Imagine a farming future that is 100 times more productive on the same amount of land. Few or no pesticides are required. As much as 95% less water is required. No soil is needed. Crops can be grown year-round, with less labour and where the labour requirements are consistent and sustained across the year.
In this future, crops are grown closer to the consumer – on the edges of or even in the city centre. Places that couldn’t previously produce their own food due to extreme environmental conditions (such as the Middle East) can now produce enough food to be self-sufficient.
That future is becoming possible with vertical farming.
What is vertical farming?
Vertical farming is the practice of growing plants indoors under artificial lighting conditions. Multiple levels – stacked trays – of planting containers are used, reducing the land necessary for cultivation, and enabling production pretty much anywhere a building can be constructed.
Bringing cultivation indoors has been successfully achieved at commercial scale using greenhouses for more than 100 years. These systems harness the benefits of greater control over growing conditions such as water, temperature, humidity, and air quality, but still rely on natural light for their success.
Herein lies the rub. Vertical farming, by definition, requires artificial light to reach plants that would not see natural light under the layers of plants above them. And despite huge advances in recent years, LED lighting is still very expensive.
Although the costs of vertical farming are coming down, energy consumption is still perhaps the biggest barrier to the industry truly taking off. We can produce leafy greens of comparable quality to those grown in more conventional ways but at a much higher cost.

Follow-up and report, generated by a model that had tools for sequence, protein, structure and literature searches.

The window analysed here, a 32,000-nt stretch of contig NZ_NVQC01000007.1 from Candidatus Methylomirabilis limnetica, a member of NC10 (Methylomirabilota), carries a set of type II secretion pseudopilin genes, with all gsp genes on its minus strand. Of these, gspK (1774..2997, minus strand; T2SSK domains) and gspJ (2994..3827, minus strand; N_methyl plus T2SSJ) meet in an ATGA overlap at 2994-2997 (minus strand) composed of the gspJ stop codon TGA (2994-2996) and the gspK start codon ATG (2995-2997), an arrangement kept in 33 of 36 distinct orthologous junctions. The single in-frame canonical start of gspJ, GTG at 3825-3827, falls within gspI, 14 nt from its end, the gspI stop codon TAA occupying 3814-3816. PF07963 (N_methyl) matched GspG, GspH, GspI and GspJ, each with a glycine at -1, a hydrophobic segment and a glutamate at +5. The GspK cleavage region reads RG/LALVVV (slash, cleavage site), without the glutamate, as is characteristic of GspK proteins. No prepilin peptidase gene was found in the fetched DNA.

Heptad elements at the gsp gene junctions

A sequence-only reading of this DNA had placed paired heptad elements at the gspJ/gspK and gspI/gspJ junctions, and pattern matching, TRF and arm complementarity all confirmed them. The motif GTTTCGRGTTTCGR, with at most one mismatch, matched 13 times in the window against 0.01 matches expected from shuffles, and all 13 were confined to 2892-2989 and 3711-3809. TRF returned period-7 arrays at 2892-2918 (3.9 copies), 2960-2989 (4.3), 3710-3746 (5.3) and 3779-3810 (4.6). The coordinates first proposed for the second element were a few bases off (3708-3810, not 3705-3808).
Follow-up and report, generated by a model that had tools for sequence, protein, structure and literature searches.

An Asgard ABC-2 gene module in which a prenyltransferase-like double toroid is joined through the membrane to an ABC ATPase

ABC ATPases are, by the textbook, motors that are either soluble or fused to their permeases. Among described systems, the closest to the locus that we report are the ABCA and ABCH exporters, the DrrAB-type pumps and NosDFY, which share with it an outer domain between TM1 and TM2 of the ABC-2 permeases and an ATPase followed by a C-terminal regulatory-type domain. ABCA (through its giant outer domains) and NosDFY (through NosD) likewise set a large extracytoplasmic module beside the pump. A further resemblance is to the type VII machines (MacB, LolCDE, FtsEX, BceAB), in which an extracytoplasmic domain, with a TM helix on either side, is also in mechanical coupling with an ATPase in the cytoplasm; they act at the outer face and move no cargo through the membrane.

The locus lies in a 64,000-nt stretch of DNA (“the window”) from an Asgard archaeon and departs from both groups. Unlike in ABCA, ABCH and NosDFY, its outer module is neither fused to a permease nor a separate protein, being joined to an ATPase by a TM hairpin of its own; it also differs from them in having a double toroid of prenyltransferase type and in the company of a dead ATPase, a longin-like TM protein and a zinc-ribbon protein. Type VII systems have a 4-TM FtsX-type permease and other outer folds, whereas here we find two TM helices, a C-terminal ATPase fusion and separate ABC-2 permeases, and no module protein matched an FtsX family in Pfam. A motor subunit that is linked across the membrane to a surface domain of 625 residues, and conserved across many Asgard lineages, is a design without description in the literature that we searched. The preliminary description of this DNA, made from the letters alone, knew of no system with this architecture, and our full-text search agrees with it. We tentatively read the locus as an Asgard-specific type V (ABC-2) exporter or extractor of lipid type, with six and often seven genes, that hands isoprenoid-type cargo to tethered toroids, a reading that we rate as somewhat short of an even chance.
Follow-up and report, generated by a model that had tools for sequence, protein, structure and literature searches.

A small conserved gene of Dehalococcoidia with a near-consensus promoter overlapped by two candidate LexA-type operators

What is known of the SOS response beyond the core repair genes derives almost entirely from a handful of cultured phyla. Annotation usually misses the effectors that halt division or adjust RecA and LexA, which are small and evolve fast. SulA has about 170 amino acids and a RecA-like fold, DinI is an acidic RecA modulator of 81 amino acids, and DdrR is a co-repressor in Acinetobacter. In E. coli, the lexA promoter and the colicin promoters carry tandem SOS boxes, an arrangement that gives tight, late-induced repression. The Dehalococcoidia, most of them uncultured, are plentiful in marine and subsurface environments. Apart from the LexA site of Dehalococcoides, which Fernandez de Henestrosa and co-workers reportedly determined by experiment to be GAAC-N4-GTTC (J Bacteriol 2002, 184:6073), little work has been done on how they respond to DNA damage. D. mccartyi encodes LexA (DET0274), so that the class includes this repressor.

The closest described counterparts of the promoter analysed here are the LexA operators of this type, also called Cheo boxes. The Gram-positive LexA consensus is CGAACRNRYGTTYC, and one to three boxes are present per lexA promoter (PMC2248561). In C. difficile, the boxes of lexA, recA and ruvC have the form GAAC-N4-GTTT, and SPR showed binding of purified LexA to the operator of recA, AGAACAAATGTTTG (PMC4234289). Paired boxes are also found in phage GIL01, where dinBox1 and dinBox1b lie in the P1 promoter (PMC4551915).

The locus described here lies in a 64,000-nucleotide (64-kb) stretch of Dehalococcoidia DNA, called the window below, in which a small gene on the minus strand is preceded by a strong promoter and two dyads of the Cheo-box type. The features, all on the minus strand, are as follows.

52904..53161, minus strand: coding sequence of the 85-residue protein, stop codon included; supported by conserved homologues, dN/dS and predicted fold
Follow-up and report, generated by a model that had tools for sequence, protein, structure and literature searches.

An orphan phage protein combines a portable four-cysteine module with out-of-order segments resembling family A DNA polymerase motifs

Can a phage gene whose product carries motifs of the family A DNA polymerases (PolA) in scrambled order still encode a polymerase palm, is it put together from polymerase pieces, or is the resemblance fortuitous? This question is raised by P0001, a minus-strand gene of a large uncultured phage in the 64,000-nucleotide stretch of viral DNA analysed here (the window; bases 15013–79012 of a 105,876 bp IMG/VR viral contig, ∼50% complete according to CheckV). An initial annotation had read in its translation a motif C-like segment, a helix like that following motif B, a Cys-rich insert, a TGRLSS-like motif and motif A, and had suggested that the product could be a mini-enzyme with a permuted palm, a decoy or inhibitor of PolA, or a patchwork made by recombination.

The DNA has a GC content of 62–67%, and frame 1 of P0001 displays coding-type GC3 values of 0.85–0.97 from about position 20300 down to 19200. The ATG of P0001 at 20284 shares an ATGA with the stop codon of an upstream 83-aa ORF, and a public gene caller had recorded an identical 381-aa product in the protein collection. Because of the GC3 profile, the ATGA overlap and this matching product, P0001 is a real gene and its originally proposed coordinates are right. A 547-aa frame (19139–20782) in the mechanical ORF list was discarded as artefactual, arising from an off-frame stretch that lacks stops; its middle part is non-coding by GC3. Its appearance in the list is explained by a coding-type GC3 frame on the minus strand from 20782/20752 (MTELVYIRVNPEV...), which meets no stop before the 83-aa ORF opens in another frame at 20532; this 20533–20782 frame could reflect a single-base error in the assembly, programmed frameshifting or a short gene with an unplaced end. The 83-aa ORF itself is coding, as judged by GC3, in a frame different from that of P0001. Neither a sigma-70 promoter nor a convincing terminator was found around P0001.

Initial start-up costs are also high, up to 10 times higher than a high-tech greenhouse, which leaves vertical farming for the time being very much in the preserve of venture capital.
A vision for vertical farming
The modern concept of vertical farming was popularised about 30 years ago through the vision of New York-based academic Dickson Despommier. Concerned about the effects of conventional agriculture on climate change and environmental pollution, Despommier and his colleagues began dreaming of floor-upon-floor of indoor crop cultivation – skyscrapers of edible plants to feed growing urban populations and in the process reduce greenhouse gas emissions from food transported over long supply chains. Pollution from fertilisers and pesticides could be reduced or eliminated. This vision of vertical farming even starts to address the problem of ever-expanding land use for conventional farming encroaching on space for wildlife and wilderness.